Dear Maia1, it is very important that you treat this as per your doctors recommedations.If you don't treat it then your chances of the cancer coming back are a lot greater. I am 65 years old and i had 26 weeks of radiation and now taking the tamoxifen. Yes the tamoxifen has a lot of side effects but if it will stop the cancer from coming back then it is worth taking the chance of getting uterus cancer as the chances of contacting uterus cancer are very slim unless you have a history of cancer. Of course this scares you as it would scare anyone but you have to think of what you are dealing with right now at this moment and not what might happen in the future. I have had 3 cancers and each of mine are non related to the other.You need to think positive and trust in our Lord.In 2001 i got pancreatic cancer and had to have surgery(whipple)and long term chemo.My chances were 3% survival and a 95% chances of it returning within the 1st year.Then in 2005 i got lung cancer and it was not related to the pancreatic cancer and i went through what they call stereotactic radiation.In the meantime i had to have 3 hernia's repaired,caterac surgery and a blood clot over my heart.Then in 2009 i got 2 lumps in my right breast, which they removed and then the radiation and now the tamoxifen.The only reason i am telling you of all of this is to try and show you that you are a lot stronger than you think and to give you hope for your future.You have 3 small children at home who needs you and you will survive, but you need to follow your doctors reccomendations.I would not be here today if i had not listened to them.I am a firm believer in our Lord and i do believe that He gives these doctors the wisdom and knowledge to help treat us through these cancers that come against us.Yes you might lose your hair and you will get tired and maybe some of the other side effects but is that not worth taking the chance of being here to see your babies raised.You can do this Maia1, i know you can and you have a thousand other women backing you and here to give you the support you might need.The word cancer scares anyone, but remember what Jesus said"through my stripes you are healed", don't listen to all the bad reports, there are many good reports out here and many of us survivors out here. God be with you and bless you.I am just one,put your fears behind you and fight a good fight as you can and will win. Love ya, maggiemae1944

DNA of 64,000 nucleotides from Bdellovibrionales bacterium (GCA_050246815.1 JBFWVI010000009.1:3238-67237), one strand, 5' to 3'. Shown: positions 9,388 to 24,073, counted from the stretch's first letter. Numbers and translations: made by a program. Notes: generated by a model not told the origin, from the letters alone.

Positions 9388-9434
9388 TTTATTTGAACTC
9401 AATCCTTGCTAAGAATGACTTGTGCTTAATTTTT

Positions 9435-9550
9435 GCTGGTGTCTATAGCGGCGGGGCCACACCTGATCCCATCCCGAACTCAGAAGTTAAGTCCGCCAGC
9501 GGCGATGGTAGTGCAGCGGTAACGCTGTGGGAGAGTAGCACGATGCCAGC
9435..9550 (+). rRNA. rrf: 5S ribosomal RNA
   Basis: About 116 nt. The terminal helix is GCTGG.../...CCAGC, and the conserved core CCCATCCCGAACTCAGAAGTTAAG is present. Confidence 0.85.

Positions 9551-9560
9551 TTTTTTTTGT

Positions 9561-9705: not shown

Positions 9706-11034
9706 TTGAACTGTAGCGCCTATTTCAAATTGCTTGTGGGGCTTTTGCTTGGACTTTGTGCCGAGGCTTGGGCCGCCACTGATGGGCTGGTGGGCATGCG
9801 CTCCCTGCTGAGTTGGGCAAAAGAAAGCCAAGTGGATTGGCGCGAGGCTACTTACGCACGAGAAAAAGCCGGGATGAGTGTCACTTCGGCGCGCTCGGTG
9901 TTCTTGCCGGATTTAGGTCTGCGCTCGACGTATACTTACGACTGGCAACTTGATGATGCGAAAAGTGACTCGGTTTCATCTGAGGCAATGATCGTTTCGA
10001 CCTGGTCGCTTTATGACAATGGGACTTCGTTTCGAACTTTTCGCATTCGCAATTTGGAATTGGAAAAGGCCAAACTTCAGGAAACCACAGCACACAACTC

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treatment for stage II, invasive ductal carcinoma, node neg.